What Does "Real Cost" Mean?

The Real Cost Project aims to shift the focus from overhead to outcomes and what good outcomes really cost. Simply put, the real cost includes all necessary costs for a nonprofit organization to deliver on mission and to be sustainable over the long term. Like any enterprise – including for-profit corporations – nonprofits and social enterprises must be able to cover the real cost of their programs and operations if they are to deliver excellent outcomes. Whether an organization is serving returning veterans, providing health and human services to the most needy, or building vibrant communities, the cost of delivering results includes not only direct programmatic expenses but also the capacity and capital needs of the organization.

 

The Overhead Question

There has been much written on the idea of nonprofit overhead and whether or not it is a good indicator of nonprofit effectiveness. Our aim here is not to rehash old arguments around the overhead question. In fact, we believe we need to move beyond the overhead question and adopt a new paradigm that shifts the focus of grantmaking from inputs (overhead costs) to funding social outcomes.

One of the biggest challenges around funding for nonprofit overhead is that there is no consistent definition of “overhead” – in fact the term ‘overhead’ is not an official accounting term. To make it more confusing, you may also hear terms such as ‘indirect costs’, ‘administrative costs’, or ‘shared costs’ being used as the equivalent of ‘overhead’.

In the for-profit world, the customer buys the product and pays the fully loaded cost for that product. For example, when you go into your local coffee shop, you don’t restrict how much of your payment can be used to cover overhead or indirect costs. In an article in the Seattle Times, writer Melissa Allison provides a breakdown of the direct costs, indirect costs and profits for a small latte. She shows that only 25%-30% of the price you pay is for direct costs while the rest of your payment goes to cover marketing, administrative, and operating costs along with profits for the coffee shop.

Millions of people have no problem walking into their local coffee shop every morning and paying the fully loaded cost for their latte. However, when it comes to funding organizations working with the homeless, disabled veterans, or children in foster care, these same donors want to limit how much the nonprofit organization can spend on infrastructure and operational support. How long would any for-profit business last if its customers limited the amount of money the company could spend on overhead, operations and profits? Probably not very long. Yet we expect nonprofit and social sector organizations to achieve great outcomes while we continue to starve their organization’s infrastructure and operational needs. Clearly we need a new approach. If we want impact and great outcomes, then we need to begin with an approach that starts with the outcomes in mind, understands what those outcomes really cost and determines what role funders want their money to play.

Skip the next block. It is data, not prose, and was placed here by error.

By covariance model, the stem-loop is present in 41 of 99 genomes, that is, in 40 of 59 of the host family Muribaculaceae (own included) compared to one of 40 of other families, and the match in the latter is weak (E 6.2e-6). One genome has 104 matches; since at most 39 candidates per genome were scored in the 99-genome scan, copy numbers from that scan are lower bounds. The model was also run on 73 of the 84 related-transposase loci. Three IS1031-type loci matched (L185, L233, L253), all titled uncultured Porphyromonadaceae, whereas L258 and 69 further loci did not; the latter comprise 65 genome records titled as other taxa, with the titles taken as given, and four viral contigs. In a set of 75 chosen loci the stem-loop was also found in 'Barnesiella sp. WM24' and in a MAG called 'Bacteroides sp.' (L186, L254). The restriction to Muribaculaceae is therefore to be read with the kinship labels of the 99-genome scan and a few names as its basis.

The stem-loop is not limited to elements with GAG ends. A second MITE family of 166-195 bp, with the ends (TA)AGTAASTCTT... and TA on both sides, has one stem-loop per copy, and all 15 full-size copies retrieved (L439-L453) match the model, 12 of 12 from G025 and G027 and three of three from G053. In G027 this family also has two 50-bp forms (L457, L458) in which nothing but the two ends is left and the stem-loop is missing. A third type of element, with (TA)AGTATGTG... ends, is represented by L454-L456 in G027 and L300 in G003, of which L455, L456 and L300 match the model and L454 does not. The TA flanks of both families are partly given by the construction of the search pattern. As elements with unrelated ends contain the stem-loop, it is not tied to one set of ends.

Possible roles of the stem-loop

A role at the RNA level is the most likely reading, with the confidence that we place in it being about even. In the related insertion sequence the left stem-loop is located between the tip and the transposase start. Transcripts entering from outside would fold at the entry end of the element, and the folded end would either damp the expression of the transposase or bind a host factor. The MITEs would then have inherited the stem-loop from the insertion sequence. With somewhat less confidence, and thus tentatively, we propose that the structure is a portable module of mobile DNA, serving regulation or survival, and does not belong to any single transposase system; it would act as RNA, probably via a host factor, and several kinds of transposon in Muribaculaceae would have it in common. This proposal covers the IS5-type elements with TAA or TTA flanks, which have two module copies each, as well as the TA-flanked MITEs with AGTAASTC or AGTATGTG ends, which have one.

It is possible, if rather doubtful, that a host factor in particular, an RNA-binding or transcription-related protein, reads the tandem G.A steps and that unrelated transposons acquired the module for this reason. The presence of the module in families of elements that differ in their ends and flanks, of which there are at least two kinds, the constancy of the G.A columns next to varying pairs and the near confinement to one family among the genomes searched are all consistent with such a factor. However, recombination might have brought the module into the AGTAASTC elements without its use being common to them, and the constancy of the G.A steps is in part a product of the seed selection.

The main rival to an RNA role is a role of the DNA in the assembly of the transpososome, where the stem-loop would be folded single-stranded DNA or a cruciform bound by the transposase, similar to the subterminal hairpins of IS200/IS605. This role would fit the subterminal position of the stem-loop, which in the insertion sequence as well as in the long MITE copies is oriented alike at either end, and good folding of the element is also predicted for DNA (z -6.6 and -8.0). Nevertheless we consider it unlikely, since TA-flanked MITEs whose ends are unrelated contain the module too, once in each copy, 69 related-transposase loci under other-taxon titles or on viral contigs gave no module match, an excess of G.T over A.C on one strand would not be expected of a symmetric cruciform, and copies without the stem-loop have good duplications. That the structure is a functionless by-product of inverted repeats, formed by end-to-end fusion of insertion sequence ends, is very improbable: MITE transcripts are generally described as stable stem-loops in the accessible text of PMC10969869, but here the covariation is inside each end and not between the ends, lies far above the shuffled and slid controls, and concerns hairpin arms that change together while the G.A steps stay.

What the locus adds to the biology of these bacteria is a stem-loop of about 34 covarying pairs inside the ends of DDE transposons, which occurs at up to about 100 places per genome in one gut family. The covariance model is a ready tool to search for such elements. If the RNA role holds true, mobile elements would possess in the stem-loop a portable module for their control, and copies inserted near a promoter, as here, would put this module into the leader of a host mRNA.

The Real Cost of Great Outcomes

The real cost of delivering outcomes includes three key elements: Program Expenses, Administrative and Operating Expenses, and Reserve and Capital Expenses.

 

Program Expenses:

These expenses are directly attributed to a specific program or project. For our purposes, we will not include “shared” or “allocated” expenses as program expenses, although we recognize for the vast majority of nonprofits and funders those allocated expenses are often lumped in with program expenses. Again, there is no standard definition, but one way to look at it is to ask the question, “If that program went away, does that expense go away?”  If yes, then it is a direct program expense. If not, then it is an administrative or operational expense – even if for the purpose of a grant you can allocate a portion of that expense to the program or project.

 

Administrative and Operational Expenses:

Administrative and operational expenses include investments in an organization’s leadership, infrastructure and operations. These include Executive Director, Accounting, HR and legal, Finance, Marketing and Communications, Fundraising, Insurance, Office management, Investment expenses, Board meetings, Annual reports, and other centralized services. This is also often referred to as ‘overhead’, ‘shared costs’, or ‘indirect costs.’

 

Reserve and Capital Needs:

One area often overlooked by many nonprofits in calculating their fully loaded costs of doing business is reserve and capital needs. Like any for-profit business, nonprofits also need to invest in long-term sustainability, adapt business models, develop new products and services, and have money set aside for the proverbial “rainy day”. Organizations have a range of reserve and capital needs from current short term needs to long-term strategic investments. Below is a helpful chart from the TDC Group:

Adapted from TDC’s report Getting Beyond Breakeven (2009) commissioned by The Pew Charitable Trusts and the William Penn Foundation.

Adapted from TDC’s report Getting Beyond Breakeven (2009) commissioned by The Pew Charitable Trusts and the William Penn Foundation.